Asiaâ€™s Wicked Environmental Problems
Abstractï»¿The developing economies of Asia are confronted by serious environmental problems that threaten to undermine future growth, food security, and regional stability. This study considers four major environmental challenges that policymakers across developing Asia will need to address towards 2030 : water management, air pollution, deforestation and land degradation, and climate change. We argue that these challenges, each unique in their own way, all exhibit the characteristics of â€œwicked problemsâ€. As developed in the planning literature, and now applied much more broadly, wicked problems are dynamic, complex, encompass many issues and stakeholders, and evade straightforward, lasting solutions. Detailed case studies are presented to illustrate the complexity and significance of Asiaâ€™s environmental challenges, and also their nature as wicked problems. The most important implication of this finding is that there will be no easy or universal solutions to environmental problems across Asia. This is a caution against over-optimism and blueprint or formulaic solutions. It is not, however, a counsel for despair. We suggest seven general principles which may be useful across the board. These are : a focus on co-benefits; an emphasis on stakeholder participation; a commitment to scientific research; an emphasis on long-term planning; pricing reform; tackling corruption, in addition to generally bolstering institutional capacity with regard to environmental regulation; and a strengthening of regional approaches and international support.
Download InfoIf you experience problems downloading a file, check if you have the proper application to view it first. In case of further problems read the IDEAS help page. Note that these files are not on the IDEAS site. Please be patient as the files may be large.
Bibliographic InfoPaper provided by East Asian Bureau of Economic Research in its series Governance Working Papers with number 23289.
Date of creation: Feb 2012
Date of revision:
Contact details of provider:
Postal: JG Crawford Building #13, Asia Pacific School of Economics and Government, Australian National University, ACT 0200
Web page: http://www.eaber.org
More information through EDIRC
Environmental Problems; Asia; developing economies of Asia; developing Asia;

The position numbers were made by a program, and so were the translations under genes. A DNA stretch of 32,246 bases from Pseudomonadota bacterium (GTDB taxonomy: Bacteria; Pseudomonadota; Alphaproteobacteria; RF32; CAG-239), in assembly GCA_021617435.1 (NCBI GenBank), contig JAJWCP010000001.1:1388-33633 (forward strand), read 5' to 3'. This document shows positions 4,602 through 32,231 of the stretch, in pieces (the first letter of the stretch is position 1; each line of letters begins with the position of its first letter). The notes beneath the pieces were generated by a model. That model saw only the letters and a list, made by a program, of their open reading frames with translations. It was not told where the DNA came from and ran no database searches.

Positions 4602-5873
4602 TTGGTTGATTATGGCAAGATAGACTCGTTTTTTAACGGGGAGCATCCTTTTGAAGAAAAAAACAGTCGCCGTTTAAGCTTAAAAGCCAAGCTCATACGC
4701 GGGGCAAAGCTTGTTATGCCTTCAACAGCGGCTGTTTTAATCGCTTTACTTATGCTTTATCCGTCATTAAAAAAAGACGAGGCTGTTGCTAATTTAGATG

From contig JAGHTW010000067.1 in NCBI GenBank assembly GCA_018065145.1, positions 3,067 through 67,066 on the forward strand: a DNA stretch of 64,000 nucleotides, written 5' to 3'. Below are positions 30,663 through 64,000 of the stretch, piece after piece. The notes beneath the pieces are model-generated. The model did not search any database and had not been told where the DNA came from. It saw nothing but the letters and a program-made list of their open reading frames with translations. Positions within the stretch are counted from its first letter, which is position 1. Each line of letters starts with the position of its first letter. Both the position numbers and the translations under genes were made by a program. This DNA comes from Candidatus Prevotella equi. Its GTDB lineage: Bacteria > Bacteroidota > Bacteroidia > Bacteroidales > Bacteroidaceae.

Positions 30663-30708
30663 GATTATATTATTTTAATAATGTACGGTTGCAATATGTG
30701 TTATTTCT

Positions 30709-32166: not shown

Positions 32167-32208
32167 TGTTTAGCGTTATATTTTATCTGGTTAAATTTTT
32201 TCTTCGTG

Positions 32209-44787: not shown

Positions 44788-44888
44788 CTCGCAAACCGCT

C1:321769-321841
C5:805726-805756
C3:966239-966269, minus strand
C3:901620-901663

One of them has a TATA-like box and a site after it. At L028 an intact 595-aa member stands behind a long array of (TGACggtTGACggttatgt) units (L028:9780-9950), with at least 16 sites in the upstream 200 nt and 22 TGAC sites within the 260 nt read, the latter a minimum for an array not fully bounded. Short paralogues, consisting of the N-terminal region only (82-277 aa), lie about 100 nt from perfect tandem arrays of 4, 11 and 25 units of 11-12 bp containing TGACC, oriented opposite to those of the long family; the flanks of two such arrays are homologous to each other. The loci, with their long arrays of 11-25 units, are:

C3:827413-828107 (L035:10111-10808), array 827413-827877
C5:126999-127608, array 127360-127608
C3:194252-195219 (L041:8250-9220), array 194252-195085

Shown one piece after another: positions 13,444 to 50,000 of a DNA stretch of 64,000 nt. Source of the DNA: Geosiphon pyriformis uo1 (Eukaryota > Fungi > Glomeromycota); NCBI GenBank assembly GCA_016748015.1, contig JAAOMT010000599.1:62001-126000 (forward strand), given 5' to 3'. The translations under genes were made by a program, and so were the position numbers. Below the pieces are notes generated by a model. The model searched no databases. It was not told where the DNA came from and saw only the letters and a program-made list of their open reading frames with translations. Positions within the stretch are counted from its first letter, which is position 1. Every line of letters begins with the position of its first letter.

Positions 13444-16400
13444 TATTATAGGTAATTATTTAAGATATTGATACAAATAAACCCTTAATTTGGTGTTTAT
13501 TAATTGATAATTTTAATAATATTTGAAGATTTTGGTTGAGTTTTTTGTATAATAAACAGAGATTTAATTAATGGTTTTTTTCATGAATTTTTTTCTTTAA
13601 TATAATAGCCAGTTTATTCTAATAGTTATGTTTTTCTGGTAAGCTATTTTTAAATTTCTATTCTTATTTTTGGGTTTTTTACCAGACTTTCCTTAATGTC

Find related papers by JEL classification:
- O44 - Economic Development, Technological Change, and Growth - - Economic Growth and Aggregate Productivity - - - Environment and Growth
- Q58 - Agricultural and Natural Resource Economics; Environmental and Ecological Economics - - Environmental Economics - - - Environmental Economics: Government Policy
- Q56 - Agricultural and Natural Resource Economics; Environmental and Ecological Economics - - Environmental Economics - - - Environment and Development; Environment and Trade; Sustainability; Environmental Accounts and Accounting; Environmental Equity; Population Growth
- O10 - Economic Development, Technological Change, and Growth - - Economic Development - - - General
- O53 - Economic Development, Technological Change, and Growth - - Economywide Country Studies - - - Asia including Middle East
- Q28 - Agricultural and Natural Resource Economics; Environmental and Ecological Economics - - Renewable Resources and Conservation - - - Government Policy
- Q53 - Agricultural and Natural Resource Economics; Environmental and Ecological Economics - - Environmental Economics - - - Air Pollution; Water Pollution; Noise; Hazardous Waste; Solid Waste; Recycling
This paper has been announced in the following NEP Reports:
- NEP-ALL-2012-04-23 (All new papers)
- NEP-CWA-2012-04-23 (Central & Western Asia)
- NEP-ENV-2012-04-23 (Environmental Economics)
- NEP-RES-2012-04-23 (Resource Economics)
You can help add them by filling out this form.
reading list or among the top items on IDEAS.Access and download statisticsgeneral information about how to correct material in RePEc.
For technical questions regarding this item, or to correct its authors, title, abstract, bibliographic or download information, contact: (Shiro Armstrong).
If you have authored this item and are not yet registered with RePEc, we encourage you to do it here. This allows to link your profile to this item. It also allows you to accept potential citations to this item that we are uncertain about.
If references are entirely missing, you can add them using this form.
If the full references list an item that is present in RePEc, but the system did not link to it, you can help with this form.
If you know of missing items citing this one, you can help us creating those links by adding the relevant references in the same way as above, for each refering item. If you are a registered author of this item, you may also want to check the "citations" tab in your profile, as there may be some citations waiting for confirmation.
Please note that corrections may take a couple of weeks to filter through the various RePEc services.